Onboarding for success

The experience an employee has with an organisation during the onboarding phase can determine both their success in the role, and their attitude toward and engagement with the organisation in the long term. In a recent article Harvard Business Review cited research which has shown that by adopting a systematic approach to onboarding, managers can help bring employees up to speed 50% faster and position them to make positive contribution sooner. As the war for talent heightens, companies can no longer risk losing new hires just to an ineffective onboarding process.

The time between a candidate accepting the role and starting their job can be somewhat precarious, however it does present an opportunity for organisations to inspire engagement. Providing information snippets about the culture and values of the organisation, and what to expect from day one can help put a new hire at ease and generate excitement. Of course the onboarding basics of documentation, health and safety, technology etc. should be covered in the first days of an employee joining the company. After that, managers become an integral part of integrating new hires and are fundamentally become the drivers of successful onboarding.

While every organisational culture, manager and new hire is unique, there are certain things managers can do which will ultimately increase the engagement of new hires.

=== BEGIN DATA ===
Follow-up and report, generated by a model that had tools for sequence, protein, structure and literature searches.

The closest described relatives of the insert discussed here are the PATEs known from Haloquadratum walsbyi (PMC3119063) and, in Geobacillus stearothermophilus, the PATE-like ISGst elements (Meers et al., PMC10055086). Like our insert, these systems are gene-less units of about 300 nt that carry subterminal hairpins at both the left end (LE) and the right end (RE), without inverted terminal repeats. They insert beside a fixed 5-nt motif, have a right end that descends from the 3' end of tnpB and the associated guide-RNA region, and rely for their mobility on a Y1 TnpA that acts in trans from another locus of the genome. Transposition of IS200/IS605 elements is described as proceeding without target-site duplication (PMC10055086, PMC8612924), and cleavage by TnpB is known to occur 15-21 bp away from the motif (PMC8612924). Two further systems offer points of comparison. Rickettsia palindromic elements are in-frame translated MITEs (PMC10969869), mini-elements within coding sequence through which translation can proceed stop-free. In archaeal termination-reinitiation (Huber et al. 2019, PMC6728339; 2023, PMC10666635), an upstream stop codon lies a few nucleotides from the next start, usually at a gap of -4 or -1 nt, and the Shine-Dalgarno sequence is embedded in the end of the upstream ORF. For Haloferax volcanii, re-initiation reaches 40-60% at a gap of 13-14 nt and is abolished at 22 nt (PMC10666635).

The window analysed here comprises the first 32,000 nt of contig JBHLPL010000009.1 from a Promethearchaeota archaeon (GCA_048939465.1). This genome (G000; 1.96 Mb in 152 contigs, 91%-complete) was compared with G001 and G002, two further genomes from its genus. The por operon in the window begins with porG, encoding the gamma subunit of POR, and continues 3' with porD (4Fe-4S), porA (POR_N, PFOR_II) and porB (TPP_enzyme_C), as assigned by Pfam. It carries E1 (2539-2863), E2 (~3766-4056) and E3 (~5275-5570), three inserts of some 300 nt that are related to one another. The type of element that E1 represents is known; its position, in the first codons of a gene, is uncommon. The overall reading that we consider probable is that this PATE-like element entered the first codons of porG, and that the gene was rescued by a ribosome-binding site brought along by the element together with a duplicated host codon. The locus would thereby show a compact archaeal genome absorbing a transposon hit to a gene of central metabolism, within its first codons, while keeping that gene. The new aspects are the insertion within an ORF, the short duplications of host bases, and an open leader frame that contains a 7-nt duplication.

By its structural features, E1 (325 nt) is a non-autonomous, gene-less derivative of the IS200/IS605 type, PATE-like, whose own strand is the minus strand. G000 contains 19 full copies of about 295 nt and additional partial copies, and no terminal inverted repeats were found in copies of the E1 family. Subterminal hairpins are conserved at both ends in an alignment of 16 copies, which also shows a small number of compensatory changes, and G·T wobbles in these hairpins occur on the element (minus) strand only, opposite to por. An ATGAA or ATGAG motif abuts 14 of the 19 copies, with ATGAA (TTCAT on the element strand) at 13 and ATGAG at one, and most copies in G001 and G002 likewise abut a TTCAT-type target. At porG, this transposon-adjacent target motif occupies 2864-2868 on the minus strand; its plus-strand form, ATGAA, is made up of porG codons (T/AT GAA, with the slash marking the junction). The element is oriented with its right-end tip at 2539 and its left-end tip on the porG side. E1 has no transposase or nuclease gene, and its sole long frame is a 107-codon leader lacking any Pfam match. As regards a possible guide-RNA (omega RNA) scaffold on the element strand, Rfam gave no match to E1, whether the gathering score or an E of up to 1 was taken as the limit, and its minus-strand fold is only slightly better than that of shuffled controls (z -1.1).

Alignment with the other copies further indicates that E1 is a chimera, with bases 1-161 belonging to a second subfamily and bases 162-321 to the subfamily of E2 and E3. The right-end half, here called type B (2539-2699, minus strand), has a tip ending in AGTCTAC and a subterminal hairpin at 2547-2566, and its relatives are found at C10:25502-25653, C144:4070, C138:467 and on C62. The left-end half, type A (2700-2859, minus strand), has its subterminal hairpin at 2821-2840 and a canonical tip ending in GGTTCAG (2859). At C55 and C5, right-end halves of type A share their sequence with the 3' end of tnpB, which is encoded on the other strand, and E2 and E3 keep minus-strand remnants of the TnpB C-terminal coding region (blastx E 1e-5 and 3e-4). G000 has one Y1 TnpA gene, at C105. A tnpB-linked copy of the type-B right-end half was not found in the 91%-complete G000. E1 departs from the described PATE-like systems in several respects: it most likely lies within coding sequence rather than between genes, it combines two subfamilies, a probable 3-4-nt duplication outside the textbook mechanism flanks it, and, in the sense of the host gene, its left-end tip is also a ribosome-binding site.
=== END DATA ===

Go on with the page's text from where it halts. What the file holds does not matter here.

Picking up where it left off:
• Be Empathetic: Joining a new organisation can be overwhelming for people. Trying to learn the new cultural norms, establish relationships and learn about the business and the industry can be challenging, even for the most experienced professionals. Research has shown that challenges which arise from lack of cultural fit and relationships are actually the most significant drivers of new hire turnover. Ensuring that new hires feel comfortable to ask questions as part of their learning journey will help to alleviate any level of uncertainty. Put yourself in their shoes, make sure you have an open door policy and connect your recent hire with other team members who might have insights and advice to offer.
  • Provide direction: goal setting is an important driver of performance for any employee (established or new). It is imperative that a new hire knows what they need to do, how they should go about doing it, and why they are doing it (how their job contributes to the overall company and team objectives). These aspects of the role will likely have been discussed during the interview process, but the likelihood is that the conversation could have occurred 4-6 weeks before the candidate begins the role, so it is extremely important to re-open this conversation in week one.
  • Seek out early wins: working with the new hire to focus on the core aspects of their new role can help guide them toward an early win and avoid the trap of taking on too much in order to prove themselves. Provide clarity on what constitutes a win. Recognising these contributions can help build the individuals confidence and credibility among their team members.
  • Coach rather than manage: the traditional manager role has evolved and the most successful teams are now led by those individuals who strive to empower their team for success through mentoring and coaching. Managers can help team members to recognise their strengths and opportunities for development, thus providing the necessary guidance to perform the roll to their best ability.
  • Include the new hire in everything: The odds are that any new hire will be working as part of a team, so it is important that they feel included. Make sure that new hires are quickly included in all of the normal day-to-day events in the organisation such as coffee breaks, lunch routines, post-work socialising, etc. The sooner a new hire feels comfortable in all aspects of their new environment, the better.